If your prospects are recruits, there is no better way to do this than to let your employees answer the question for you because, as one-time recruits themselves, your employees identify with your recruiting prospects.
And so, the @LifeAtDeloitte handle was born.
By using this handle, Deloitte was able to convert the attention of recruits into legitimate interest. The account was an opportunity to increase appeal, credibility and clarity of the company’s value proposition.
Let’s also keep in mind that the exclusivity factor was already there: “Only those who sign with us get to experience this.”
MarketingSherpa: What prompted you to start an employee-run Twitter account?
Lisa Monarski: In the U.S., Deloitte’s Twitter strategy had centered on the B2B audience with specific business- and industry-related handles. In 2010, we realized this could be a great channel to help answer the question that our recruiters hear many times from candidates: “What’s it really like to work at Deloitte?”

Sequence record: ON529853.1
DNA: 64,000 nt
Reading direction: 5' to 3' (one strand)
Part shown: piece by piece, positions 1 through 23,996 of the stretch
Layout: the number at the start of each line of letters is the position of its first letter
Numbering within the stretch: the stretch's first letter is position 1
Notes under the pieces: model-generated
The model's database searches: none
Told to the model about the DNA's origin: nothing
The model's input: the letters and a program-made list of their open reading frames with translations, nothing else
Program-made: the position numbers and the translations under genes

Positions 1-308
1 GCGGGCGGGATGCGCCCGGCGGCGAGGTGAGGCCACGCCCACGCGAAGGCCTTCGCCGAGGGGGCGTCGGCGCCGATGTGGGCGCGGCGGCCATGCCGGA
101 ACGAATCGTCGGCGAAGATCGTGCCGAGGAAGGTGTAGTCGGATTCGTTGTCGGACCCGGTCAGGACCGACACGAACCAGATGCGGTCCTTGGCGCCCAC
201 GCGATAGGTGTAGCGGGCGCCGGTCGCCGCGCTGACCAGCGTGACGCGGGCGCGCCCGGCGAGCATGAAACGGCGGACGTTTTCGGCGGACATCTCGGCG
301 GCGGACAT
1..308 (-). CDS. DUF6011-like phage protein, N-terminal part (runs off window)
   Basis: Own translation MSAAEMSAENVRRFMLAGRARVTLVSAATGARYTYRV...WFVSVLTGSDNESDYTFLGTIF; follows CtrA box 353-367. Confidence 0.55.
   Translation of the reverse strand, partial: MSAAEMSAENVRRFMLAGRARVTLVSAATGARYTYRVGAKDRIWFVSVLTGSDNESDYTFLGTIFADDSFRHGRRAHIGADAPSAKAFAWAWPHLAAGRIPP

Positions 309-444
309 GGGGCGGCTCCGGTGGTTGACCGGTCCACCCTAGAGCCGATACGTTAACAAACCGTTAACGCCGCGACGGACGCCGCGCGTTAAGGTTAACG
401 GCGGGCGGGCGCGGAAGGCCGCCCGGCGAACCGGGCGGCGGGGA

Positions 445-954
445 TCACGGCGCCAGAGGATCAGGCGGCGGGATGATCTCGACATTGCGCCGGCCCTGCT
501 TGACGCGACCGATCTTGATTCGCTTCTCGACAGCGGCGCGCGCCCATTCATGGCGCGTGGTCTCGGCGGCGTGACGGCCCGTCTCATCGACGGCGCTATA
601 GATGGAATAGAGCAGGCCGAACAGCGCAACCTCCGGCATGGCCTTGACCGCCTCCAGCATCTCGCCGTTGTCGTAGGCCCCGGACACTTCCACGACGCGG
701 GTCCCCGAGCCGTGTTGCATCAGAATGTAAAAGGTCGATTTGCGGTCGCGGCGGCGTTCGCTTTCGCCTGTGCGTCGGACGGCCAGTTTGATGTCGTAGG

MS: Who is your target audience?
LM: Our target audience is anyone who wants to know what it’s like to work at Deloitte. We think that anyone from a college freshman up through a seasoned professional looking for new challenges can gain insights into our culture and people by following @LifeAtDeloitte.
MS: Who (or what) was your inspiration to start an employee-run Twitter account?
LM: Our people were the inspiration for this strategy. Whenever you ask someone questions like, “What brought you to Deloitte?” or “Why have you stayed here for so long?” etc., the answer is consistently the same: It’s the people.